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Cisco Introduces a 322 Tbit/sec. Router

kdawson posted more than 4 years ago | from the one-loc-per-second dept.

The Internet 281

CWmike writes "Today Cisco Systems introduced its next-generation Internet core router, the CRS-3, with about three times the capacity of its current platform. 'The Internet will scale faster than any of us anticipate,' Cisco's John Chambers said while announcing the product. At full scale, the CRS-3 has a capacity of 322Tbit/sec., roughly three times that of the CRS-1, introduced in 2004. It also has more than 12 times the capacity of its nearest competitor, Chambers said. The CRS-3 will help the Internet evolve from a messaging to an entertainment and media platform, with video emerging as the 'killer app,' Chambers said. Using a CRS-3, every person in China, which has a population just over 1.3 billion, could participate in a video phone call at the same time. (Or you could pump nearly one Library of Congress per second through the device, or give everyone in San Fransisco a 1Gbps internet connection.) AT&T said it has been using the CRS-3 to test 100Gbit/sec. data links in tests on a commercial fiber route in Florida and Louisiana."

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281 comments

Will it run DDWRT or Tomato? (4, Funny)

NevarMore (248971) | more than 4 years ago | (#31417942)

Kidding, but you know someone is going to seriously ask that sometime today.

Re:Will it run DDWRT or Tomato? (2, Insightful)

natehoy (1608657) | more than 4 years ago | (#31417974)

I'm sure BrainSlayer will at least ask you to register for the pay version of DD-WRT. :)

Re:Will it run DDWRT or Tomato? (-1, Flamebait)

Anonymous Coward | more than 4 years ago | (#31418688)

Yep, because idiots think their linux nat appliances are routers just because they use them in an 'office', and those of us who've worked in telecom laugh at them decisively.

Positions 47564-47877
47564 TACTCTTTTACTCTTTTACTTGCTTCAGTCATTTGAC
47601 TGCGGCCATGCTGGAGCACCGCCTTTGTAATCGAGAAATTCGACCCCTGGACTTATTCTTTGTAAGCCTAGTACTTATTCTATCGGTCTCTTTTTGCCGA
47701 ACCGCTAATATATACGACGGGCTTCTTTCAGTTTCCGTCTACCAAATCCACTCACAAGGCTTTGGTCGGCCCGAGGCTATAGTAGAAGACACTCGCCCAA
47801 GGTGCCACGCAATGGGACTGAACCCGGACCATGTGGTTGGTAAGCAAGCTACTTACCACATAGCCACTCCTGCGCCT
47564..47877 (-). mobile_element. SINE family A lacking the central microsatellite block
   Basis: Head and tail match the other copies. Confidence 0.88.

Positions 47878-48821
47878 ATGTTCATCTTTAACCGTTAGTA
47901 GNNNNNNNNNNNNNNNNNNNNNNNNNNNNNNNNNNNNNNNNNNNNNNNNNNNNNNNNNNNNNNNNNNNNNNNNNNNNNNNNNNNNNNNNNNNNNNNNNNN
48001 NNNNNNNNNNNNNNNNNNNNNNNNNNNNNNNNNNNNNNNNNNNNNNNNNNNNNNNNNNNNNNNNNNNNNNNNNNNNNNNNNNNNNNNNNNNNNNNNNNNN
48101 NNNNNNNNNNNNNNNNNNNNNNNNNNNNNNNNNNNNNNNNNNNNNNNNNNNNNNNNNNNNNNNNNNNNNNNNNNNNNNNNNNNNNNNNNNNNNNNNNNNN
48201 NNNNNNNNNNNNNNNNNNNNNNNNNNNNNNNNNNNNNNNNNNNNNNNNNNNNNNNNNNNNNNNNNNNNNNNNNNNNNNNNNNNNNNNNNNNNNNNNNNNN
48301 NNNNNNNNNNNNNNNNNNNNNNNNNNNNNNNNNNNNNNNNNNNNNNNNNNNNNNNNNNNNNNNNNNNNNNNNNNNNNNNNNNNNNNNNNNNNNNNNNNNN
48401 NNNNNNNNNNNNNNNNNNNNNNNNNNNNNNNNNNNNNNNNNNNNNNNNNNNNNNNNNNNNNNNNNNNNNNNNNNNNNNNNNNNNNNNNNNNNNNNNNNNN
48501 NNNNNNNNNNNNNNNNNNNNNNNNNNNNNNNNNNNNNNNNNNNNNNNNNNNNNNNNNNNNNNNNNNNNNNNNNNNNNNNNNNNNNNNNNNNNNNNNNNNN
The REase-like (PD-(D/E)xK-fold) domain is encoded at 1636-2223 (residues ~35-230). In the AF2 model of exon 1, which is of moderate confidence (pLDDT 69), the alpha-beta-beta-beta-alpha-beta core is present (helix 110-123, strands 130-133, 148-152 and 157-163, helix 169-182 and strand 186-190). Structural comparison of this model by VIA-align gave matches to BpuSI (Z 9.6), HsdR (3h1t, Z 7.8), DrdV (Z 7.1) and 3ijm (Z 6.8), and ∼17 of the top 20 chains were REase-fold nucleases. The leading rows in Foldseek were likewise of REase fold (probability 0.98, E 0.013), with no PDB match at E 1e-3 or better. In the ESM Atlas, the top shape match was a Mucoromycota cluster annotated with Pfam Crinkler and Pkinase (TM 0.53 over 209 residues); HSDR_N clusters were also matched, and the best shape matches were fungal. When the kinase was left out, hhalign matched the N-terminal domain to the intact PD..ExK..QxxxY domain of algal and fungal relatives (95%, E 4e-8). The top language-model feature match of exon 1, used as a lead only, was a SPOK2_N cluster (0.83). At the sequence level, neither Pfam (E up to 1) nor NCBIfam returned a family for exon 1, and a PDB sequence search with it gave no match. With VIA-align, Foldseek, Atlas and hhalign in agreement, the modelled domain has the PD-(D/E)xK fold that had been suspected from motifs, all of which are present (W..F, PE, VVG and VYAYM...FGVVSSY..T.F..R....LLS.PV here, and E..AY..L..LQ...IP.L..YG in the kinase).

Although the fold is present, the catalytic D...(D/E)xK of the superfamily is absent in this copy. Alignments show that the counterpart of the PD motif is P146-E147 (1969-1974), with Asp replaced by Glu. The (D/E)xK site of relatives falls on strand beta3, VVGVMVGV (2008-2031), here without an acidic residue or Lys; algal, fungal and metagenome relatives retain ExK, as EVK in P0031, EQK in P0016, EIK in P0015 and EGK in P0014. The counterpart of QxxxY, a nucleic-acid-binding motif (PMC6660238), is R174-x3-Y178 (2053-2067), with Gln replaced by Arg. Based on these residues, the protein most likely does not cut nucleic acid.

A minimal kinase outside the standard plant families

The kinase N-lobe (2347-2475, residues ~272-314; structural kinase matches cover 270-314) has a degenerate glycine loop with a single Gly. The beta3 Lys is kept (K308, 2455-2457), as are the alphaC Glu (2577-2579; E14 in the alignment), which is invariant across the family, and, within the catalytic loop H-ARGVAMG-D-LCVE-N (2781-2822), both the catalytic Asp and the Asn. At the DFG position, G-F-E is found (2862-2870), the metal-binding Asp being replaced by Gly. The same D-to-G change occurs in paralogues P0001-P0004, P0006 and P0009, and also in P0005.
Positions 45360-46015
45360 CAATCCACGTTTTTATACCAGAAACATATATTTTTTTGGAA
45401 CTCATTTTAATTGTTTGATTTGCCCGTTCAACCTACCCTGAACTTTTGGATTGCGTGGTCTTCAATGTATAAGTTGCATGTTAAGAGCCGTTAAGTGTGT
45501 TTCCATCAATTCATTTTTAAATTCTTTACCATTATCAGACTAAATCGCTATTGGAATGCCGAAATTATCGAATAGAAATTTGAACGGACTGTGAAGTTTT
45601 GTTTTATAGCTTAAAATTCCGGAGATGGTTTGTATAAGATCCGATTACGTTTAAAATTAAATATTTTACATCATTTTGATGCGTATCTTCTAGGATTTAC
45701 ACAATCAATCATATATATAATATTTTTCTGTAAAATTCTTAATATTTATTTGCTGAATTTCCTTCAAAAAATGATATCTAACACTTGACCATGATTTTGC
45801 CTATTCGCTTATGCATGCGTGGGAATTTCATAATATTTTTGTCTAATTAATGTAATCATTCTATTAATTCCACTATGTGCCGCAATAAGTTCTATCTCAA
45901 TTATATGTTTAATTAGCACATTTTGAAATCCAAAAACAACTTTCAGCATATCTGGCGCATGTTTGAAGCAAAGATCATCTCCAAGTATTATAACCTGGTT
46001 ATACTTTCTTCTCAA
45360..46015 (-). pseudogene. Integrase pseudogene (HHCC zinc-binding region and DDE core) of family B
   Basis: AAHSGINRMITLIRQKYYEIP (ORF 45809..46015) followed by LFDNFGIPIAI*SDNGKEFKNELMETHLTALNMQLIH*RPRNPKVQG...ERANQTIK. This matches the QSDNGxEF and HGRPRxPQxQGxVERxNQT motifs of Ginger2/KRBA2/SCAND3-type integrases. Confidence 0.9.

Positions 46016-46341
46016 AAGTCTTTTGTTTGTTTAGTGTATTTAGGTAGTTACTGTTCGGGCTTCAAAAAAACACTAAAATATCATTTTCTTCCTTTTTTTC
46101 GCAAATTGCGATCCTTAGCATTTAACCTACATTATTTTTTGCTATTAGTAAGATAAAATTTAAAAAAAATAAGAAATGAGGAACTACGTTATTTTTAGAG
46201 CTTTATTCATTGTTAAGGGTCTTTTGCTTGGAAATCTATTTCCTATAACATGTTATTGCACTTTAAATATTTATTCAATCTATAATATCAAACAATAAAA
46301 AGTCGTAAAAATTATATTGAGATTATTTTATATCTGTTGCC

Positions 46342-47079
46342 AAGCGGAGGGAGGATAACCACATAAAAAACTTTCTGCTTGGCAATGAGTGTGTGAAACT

Term office used in quotes because an office of under a 100 people is a joke, and you are a wannabe sysadmin.

Library of Congresses per second (4, Funny)

ravenspear (756059) | more than 4 years ago | (#31417948)

The new standard in router benchmarks for the 21st century!

"Library of Congresses"? (4, Interesting)

XanC (644172) | more than 4 years ago | (#31417964)

Perhaps "Libraries of Congress"?

Re:"Library of Congresses"? (4, Funny)

wsanders (114993) | more than 4 years ago | (#31418024)

It will cost you an entire Mint of Denver full of money to get the 322Tbit version, and you would have to plug in approximately 3 Hoover Dams of fiber optic connections, each operating at the speed of the Bureau of Printing and Engraving, just to get the full effect. Otherwise, it's just about 4.5 US Post Offices worth of throughput/

Of course, some people might be able to use that.

Re:"Library of Congresses"? (4, Funny)

srussia (884021) | more than 4 years ago | (#31418324)

Otherwise, it's just about 4.5 US Post Offices worth of throughput/

Of course, some people might be able to use that.

Not even Facebook can work with 1.0 USPS latency, I'm afraid.

Re:"Library of Congresses"? (1)

elfprince13 (1521333) | more than 4 years ago | (#31418360)

Stop confusing latency with throughput.

Re:"Library of Congresses"? (4, Funny)

srussia (884021) | more than 4 years ago | (#31418678)

Stop confusing latency with throughput.

Great line! I think I'll use it in my next movie:

Elfprincess 13: "Is that it?"

Mailman: "Stop confusing latency with throughput"

Re:"Library of Congresses"? (0, Redundant)

davester666 (731373) | more than 4 years ago | (#31418406)